Therapeutic Advances in Gastroenterology (2018-07-01)

Chinese herbal medicine for functional dyspepsia: systematic review of systematic reviews

  • Michael H. K. Chu,
  • Irene X. Y. Wu,
  • Robin S. T. Ho,
  • Charlene H. L. Wong,
  • Anthony L. Zhang,
  • Yan Zhang,
  • Justin C. Y. Wu,
  • Vincent C. H. Chung

Journal volume & issue
Vol. 11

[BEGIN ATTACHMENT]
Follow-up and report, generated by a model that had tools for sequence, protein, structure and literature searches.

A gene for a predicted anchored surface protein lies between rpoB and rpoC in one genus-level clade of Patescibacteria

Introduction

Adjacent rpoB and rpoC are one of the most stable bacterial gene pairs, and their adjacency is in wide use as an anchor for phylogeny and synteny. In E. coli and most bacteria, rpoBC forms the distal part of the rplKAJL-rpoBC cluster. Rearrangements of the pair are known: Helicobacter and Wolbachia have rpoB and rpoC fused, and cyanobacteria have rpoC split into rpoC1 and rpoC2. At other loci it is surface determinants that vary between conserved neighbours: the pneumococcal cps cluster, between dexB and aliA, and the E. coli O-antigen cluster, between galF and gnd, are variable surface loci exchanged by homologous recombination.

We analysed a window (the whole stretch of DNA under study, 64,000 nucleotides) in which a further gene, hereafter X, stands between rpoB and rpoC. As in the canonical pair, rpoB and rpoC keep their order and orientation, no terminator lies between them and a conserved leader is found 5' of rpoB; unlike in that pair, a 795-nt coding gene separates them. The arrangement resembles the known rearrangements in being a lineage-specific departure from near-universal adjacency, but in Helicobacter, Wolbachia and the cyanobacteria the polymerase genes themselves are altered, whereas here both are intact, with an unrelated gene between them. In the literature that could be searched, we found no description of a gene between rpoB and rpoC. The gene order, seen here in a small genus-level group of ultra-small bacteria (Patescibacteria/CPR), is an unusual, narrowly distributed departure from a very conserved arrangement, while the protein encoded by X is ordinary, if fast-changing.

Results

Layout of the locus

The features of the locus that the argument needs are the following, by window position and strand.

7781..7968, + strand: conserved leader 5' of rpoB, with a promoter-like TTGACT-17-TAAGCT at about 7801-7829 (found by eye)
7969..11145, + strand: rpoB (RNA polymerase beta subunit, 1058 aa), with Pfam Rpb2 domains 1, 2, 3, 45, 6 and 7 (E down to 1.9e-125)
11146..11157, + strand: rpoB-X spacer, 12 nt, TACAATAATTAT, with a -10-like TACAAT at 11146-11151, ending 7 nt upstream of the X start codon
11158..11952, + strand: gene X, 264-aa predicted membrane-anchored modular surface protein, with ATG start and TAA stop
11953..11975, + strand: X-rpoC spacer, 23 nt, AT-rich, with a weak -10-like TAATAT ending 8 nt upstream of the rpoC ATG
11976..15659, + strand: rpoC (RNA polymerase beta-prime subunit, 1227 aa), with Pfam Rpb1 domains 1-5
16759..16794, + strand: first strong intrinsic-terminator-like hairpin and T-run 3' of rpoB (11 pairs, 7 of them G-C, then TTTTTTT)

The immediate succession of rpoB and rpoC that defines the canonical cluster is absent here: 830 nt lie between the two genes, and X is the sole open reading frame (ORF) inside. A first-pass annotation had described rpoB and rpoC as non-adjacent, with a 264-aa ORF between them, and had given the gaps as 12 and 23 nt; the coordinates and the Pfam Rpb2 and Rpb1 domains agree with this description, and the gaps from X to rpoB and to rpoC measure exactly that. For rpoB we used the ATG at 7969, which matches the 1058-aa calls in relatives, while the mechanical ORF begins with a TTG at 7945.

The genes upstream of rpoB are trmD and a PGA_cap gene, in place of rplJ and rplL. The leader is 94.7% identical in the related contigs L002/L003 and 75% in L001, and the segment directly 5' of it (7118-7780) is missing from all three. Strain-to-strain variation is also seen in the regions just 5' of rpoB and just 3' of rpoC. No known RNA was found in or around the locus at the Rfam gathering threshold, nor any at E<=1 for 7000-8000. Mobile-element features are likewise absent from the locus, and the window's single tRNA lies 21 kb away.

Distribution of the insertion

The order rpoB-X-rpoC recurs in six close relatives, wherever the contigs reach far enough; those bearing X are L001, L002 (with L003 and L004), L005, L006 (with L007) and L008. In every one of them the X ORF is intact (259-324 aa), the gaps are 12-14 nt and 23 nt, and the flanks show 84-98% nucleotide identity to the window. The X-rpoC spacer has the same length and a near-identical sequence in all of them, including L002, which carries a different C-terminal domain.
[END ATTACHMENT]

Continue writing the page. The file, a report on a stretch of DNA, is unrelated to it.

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Background: Pharmacotherapy, including prokinetics and proton pump inhibitors for functional dyspepsia (FD) have limited effectiveness, and their safety has been recently questioned. Chinese herbal medicine (CHM) could be considered as an alternative. A systematic review (SR) of SRs was performed to evaluate the potential effectiveness and safety of CHM. Method: We conducted a comprehensive literature search for SRs with meta-analyses in eight international and Chinese databases. Pooled effect estimation from each meta-analysis was extracted. The AMSTAR instrument was used to assess the methodological quality of the included SRs. Results: A total of 14 SRs of mediocre quality assessing various CHMs, alone or in combination with conventional pharmacotherapy, were included. Meta-analyses showed that CHM was more effective than prokinetic agents for the alleviation of global dyspeptic symptoms. Three specific CHM formulae appeared to show superior results in the alleviation of global dyspeptic symptoms, including Si Ni San, modified Xiao Yao San and Xiang Sha Liu Jun Zi decoction. No significant difference in the occurrence of adverse events in using CHM or pharmacotherapy was reported. Conclusion: CHM can be considered as an alternative for the treatment of FD symptoms when prokinetic agents and proton pump inhibitors are contraindicated. Future trial design should focus on measuring changes in individual dyspeptic symptoms and differentiate the effectiveness of different CHM for postprandial distress syndrome and epigastric pain syndrome. A network meta-analysis approach should be used to explore the most promising CHM formula for FD treatment in the future.